Seminole War
The Battle of Fowltown: Day Two (Seminole War 200th)

Dale Cox, author of the new book Fowltown, leads employees of the U.S. Army Corps of Engineers down the trace the original road to Fort Scott.

The return of soldiers to Fort Scott with news of fighting at the Lower Creek village of Fowltown seems to have surprised U.S. commanders at the post. Inexplicably, they had not expected the warriors of the town to resist the army’s kidnapping attempt. Please see The March to Fowltown and The Battle of Fowltown: Day One for the first two articles about the engagement.

This article is part of a continuing series marking the 200th anniversary of the Seminole Wars. Please visit Seminole War 200th to read the complete series.

There was a lull in the fighting 200 years ago today as leaders of both sides contemplated what they should do. Neamathla and the other chiefs and warriors of Fowltown sent out an appeal for help to other Lower Creek, Red Stick, Seminole, Miccosukee and Black Seminole groups in the region. The story told by runners from the town was simple. U.S. soldiers had arrived in the night and attacked the village, three warriors and one woman were dead and reinforcements were needed. The first help to reach Fowltown likely came in the form of chiefs and warriors from the nearby village of Attapulgas. This community was only some 3-4 miles away and the people living there may have even heard the sounds of the fighting on the morning of November 21, 1817.

Maj. Gen. Edmund P. Gaines
National Archives

At Fort Scott, meanwhile, Maj. Gen. Edmund P. Gaines pondered what action he should take. Brevet Maj. David E. Twiggs had returned from Fowltown late the previous afternoon and the general now had a good understanding of how his plan to bring in Neamathla had fallen apart. He was particularly concerned by the news that Twiggs’ command had shot and killed a woman:

It is with deep regret I have to add that a woman was accidentally shot with some warriors in the act of forcing their way through our line formed for the purpose of arresting their flight. The unfortunate woman had a blanket fastened round her (as many of the warriors had) which amidst the smoke in which they were enveloped, rendered it impossible, as I am assured by the officers present, to distinguish her from the warriors.[1]

Gen. Gaines knew that the fighting at Fowltown could lead to further action and he needed immediate intelligence on what Neamathla and his warriors were doing. The only way to gather that information was to send a second military force to the village. The first signs of a provision shortage were also appearing at Fort Scott and the general decided to raid the corn cribs and beef herds of Fowltown to augment his own stocks of supplies.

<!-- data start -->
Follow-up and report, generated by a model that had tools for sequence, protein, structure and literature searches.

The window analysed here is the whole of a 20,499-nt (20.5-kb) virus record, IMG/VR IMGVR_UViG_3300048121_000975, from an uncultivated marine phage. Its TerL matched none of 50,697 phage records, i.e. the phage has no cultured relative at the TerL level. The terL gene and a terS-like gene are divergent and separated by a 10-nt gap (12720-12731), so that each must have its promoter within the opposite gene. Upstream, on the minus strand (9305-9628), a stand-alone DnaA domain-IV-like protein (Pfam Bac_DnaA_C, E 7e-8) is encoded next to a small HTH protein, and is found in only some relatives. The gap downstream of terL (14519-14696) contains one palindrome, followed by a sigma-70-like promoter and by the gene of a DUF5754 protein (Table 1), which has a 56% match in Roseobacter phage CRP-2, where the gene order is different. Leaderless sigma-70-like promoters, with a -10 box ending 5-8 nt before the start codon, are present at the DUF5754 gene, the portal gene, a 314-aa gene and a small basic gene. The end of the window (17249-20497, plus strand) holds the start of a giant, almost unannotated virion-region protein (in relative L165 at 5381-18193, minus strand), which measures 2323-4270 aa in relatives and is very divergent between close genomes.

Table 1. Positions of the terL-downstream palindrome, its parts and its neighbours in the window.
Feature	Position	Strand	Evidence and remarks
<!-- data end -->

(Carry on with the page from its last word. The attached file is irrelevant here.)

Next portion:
Gaines immediately ordered Lt. Col. Matthew Arbuckle of the 7th U.S. Infantry to lead a larger force of 300 men back to Fowltown. The purpose of the move, according to the general’s report to the Secretary of War, was “to ascertain the strength of the hostile Indians in the vicinity of Fowltown, and to reconnoiter the adjacent country.”[2]

The site where Lt. Col. Arbuckle’s command crossed the Flint River on Nov. 22, 1817, is now beneath the waters of Lake Seminole.

Arbuckle decided to approach Fowltown from a different direction than had Maj. Twiggs, a move that would allow him to reconnoiter more of the countryside beyond the Flint River while also avoiding the necessity of using the crossing at Burges’s Bluff which might by now be guarded by Neamathla’s warriors. An approach from the south would allow the soldiers to cross the Flint River under the protection of the cannon at Fort Scott.

The soldiers began crossing the river just below the fort on November 22, 1817 – 200 years ago today – and established a beachhead on the east bank at a site that is now flooded by the waters of Lake Seminole. From there the column turned north up the east side of the Flint, opening a new road as it advanced.

It is not known how far the troops marched on the 22nd but they made good speed considering the need to open a new road – or at least wide a Native American trail – as they advanced. The column this time included 300 men from the 4th and 7th U.S. Infantry regiments as well as a detachment from Capt. Sanders Donoho’s company of the U.S. Corps of Artillery with at least one cannon. Wagons were also taken for use in carrying away Fowltown’s corn stocks.

There is no indication that Arbuckle and his men encountered resistance from Native American scouts as they advanced, but Neamathla almost certainly now had warriors out and watching the approaches to his town. They probably watched the movement of the column from hidden spots and relayed the information back to the chief so he could make preparations. The women and children were evacuated from the town as the warriors prepared to give the U.S. soldiers a much warmer reception than they had received on November 21st.

The Battle of Fowltown would resume the next day. I will post tomorrow about the fighting of November 23, 1817. If you would like to read an in-depth account of Fowltown, please consider the book. You can order it at the bottom of this page.
[1] Maj. Gen. Edmund P. Gaines to Maj. Gen. Andrew Jackson, November 21, 1817, Jackson Papers, Library of Congress.

[2] Maj. Gen. Edmund P. Gaines to the Secretary of War, November 26, 1817, American State Papers – Indian Affairs, Part II: 160.


 




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